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Chechen, Dagestani, and other foreign fighters from Russia's North Caucasus region (and Georgia's Chechen-inhabited Pankisi Gorge) have formed some of the most formidable insurgent groupings in Syria's conflict despite their small numbers. Over the past year, however, their activity has slowed to a crawl, and their actions and statements suggest many of these fighters may look to exit the conflict area soon. The final militant leader or emir, Abdulhakim Shishani, has also almost disappeared from public view along with his group, Ajnad al-Kavkaz. Prior to last year, he along with his men were the most visible and successful North Caucasian-dominated militant faction in Syria. While Tarkhan himself is somewhere in Turkey, his fighters are active alongside Jund al-Sham in Hama province, against regime forces. There are also an unknown number of North Caucasian fighters with Daesh (ISIS) remnants in eastern Syria; one report from October claimed that Daesh leader Abu Bakr al-Baghdadi had a "praetorian guard" of 800 Chechen fighters protecting senior leaders near the city of Mayadin. While this figure is almost certainly inflated, some Chechen and Dagestani fighters doubtless remain active with the group.The openly deteriorating morale among North Caucasian commanders in Syria could indicate that the situation among the rank and file is even worse.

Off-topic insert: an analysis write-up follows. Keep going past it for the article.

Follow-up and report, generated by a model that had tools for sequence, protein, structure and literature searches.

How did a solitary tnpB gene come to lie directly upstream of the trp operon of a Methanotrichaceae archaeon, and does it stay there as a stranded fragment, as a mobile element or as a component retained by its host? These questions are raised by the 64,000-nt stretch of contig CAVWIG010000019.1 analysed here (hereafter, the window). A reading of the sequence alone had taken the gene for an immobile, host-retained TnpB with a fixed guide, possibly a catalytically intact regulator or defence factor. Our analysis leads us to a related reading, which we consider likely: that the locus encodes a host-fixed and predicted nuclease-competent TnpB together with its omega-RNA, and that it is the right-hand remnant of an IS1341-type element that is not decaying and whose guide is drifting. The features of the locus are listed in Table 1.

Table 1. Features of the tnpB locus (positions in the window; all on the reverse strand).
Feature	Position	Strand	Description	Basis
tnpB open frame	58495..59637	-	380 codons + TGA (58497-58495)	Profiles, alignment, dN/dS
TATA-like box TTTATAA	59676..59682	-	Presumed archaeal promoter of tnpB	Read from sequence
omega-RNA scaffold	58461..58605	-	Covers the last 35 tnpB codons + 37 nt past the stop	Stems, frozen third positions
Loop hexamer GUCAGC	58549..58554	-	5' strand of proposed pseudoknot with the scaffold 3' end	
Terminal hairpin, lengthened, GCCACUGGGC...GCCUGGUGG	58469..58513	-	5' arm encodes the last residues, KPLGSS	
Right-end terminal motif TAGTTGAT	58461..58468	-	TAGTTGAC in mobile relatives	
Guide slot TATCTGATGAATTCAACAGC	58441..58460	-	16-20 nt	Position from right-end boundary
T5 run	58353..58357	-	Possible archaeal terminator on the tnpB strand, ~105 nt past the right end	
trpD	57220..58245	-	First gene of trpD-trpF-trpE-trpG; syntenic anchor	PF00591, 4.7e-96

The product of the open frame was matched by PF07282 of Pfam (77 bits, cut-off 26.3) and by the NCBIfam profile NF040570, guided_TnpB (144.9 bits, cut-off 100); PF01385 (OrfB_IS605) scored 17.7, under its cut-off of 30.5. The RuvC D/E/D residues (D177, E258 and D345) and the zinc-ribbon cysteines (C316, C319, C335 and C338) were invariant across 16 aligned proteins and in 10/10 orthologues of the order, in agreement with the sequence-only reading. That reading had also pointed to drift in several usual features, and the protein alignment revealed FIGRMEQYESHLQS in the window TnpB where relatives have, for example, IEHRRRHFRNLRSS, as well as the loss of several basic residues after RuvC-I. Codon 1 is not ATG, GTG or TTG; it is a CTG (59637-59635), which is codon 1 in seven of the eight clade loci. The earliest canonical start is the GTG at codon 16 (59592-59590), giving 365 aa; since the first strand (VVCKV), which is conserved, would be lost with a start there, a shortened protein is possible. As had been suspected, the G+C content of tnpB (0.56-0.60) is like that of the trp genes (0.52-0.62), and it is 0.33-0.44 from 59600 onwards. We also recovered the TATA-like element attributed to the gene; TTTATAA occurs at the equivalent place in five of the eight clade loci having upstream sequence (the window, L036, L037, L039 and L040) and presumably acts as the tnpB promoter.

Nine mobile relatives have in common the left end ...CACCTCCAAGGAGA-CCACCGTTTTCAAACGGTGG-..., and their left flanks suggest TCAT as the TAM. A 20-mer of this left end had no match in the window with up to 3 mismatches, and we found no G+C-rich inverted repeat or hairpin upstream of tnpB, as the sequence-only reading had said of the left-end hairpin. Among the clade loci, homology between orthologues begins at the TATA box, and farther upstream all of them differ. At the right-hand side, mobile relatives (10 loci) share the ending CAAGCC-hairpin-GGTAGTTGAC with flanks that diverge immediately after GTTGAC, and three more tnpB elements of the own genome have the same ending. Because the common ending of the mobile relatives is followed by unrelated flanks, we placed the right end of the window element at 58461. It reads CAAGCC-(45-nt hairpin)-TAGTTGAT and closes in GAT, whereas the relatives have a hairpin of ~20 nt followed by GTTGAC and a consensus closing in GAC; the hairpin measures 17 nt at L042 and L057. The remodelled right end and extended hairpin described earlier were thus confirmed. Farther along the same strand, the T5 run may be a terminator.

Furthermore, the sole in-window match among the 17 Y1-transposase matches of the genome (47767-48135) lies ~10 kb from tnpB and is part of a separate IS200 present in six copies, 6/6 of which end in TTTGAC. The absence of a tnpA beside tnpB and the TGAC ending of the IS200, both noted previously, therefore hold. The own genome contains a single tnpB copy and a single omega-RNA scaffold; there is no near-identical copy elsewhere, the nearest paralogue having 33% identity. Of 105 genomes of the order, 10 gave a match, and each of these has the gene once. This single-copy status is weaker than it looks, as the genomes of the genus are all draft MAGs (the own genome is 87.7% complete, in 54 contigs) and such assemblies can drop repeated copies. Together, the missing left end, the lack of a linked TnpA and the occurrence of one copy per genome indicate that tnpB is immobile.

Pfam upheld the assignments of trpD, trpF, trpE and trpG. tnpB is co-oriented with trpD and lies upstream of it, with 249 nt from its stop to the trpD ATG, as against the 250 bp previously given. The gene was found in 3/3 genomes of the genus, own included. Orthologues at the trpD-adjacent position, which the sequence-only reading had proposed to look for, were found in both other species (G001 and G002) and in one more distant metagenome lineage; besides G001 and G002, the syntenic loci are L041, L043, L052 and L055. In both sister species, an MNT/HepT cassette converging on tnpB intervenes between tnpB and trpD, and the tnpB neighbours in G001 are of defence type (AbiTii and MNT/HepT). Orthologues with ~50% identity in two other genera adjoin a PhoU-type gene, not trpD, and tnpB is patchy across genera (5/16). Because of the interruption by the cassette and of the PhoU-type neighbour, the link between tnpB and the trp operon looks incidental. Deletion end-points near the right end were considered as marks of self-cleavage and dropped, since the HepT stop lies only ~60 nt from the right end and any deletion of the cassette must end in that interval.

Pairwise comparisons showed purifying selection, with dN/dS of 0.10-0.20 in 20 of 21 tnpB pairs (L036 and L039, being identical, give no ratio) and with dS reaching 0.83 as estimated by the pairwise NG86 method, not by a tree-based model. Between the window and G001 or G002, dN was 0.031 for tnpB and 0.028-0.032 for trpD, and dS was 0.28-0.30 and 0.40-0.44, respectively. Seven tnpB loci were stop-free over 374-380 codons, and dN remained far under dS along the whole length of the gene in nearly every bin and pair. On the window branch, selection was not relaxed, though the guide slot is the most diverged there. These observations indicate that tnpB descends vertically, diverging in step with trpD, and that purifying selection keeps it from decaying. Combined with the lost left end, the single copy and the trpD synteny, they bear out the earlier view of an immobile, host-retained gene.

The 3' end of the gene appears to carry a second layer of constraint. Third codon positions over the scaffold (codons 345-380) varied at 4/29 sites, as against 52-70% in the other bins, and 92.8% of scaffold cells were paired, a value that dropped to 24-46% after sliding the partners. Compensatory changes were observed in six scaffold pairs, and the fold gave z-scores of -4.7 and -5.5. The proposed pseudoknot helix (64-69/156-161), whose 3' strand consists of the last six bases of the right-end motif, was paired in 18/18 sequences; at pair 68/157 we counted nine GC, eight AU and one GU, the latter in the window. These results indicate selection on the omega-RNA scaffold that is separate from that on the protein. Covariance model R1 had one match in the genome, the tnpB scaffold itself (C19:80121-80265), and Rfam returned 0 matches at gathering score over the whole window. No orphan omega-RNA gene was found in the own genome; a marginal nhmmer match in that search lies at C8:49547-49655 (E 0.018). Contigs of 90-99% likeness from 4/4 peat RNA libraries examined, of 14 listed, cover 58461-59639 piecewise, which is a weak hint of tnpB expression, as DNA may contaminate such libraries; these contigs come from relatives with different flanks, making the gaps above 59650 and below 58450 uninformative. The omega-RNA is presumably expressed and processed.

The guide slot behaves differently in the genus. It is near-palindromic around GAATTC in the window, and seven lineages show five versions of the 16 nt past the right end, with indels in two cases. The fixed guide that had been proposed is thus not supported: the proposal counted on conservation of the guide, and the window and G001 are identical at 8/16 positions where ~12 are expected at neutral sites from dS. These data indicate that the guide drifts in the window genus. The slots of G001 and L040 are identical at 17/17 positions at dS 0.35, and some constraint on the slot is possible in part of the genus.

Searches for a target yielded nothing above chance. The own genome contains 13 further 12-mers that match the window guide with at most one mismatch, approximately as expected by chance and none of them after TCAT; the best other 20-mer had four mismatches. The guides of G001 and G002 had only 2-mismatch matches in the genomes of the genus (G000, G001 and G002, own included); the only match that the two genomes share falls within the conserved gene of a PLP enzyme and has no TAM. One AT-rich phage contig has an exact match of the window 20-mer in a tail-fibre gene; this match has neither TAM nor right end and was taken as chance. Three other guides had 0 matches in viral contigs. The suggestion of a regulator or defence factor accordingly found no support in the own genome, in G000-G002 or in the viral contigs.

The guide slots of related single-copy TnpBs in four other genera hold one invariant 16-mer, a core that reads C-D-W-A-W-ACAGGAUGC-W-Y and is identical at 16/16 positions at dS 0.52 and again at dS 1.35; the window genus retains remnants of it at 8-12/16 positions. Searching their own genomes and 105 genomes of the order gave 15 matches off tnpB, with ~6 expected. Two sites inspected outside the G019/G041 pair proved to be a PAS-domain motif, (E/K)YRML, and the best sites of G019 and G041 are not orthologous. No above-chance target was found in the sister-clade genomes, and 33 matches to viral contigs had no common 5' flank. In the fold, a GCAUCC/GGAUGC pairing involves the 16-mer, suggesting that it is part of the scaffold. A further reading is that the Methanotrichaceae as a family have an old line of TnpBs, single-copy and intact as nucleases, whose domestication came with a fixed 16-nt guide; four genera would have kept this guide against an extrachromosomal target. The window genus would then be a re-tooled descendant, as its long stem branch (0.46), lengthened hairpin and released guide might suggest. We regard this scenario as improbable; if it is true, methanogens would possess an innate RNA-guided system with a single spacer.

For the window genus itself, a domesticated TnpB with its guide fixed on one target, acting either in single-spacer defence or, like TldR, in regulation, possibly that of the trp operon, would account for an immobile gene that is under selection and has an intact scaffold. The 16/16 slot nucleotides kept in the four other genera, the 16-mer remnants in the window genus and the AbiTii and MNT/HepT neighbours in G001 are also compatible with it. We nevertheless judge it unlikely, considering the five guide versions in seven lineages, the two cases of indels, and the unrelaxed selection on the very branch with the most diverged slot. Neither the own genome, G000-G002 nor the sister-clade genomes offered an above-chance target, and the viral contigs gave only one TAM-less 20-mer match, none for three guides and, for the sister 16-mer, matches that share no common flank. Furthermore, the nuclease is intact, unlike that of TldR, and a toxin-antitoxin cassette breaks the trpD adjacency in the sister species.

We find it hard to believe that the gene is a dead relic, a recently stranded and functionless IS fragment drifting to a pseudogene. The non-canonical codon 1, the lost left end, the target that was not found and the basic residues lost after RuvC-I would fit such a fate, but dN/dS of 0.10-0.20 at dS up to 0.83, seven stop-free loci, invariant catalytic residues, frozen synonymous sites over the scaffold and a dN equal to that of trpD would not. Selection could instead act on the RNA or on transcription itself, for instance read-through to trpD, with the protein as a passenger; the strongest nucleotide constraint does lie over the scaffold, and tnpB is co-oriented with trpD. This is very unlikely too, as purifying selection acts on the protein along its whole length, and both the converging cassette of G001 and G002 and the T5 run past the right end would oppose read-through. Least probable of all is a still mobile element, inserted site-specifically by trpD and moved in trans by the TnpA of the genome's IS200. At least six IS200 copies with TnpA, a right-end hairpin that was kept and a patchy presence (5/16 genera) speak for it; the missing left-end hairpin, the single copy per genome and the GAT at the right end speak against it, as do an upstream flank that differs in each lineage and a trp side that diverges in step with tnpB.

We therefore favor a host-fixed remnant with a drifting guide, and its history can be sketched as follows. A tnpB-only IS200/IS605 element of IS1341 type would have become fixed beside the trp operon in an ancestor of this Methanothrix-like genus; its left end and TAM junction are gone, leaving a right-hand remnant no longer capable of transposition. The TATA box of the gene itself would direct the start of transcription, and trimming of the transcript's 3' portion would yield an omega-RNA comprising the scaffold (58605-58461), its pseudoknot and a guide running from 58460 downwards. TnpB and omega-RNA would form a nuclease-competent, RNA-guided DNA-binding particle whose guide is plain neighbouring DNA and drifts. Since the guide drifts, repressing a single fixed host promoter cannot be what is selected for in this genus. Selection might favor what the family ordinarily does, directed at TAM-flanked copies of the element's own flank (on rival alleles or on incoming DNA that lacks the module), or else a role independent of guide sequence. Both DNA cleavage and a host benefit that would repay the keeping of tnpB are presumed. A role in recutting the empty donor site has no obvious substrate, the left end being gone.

Chechen and North Caucasian militants in Syria
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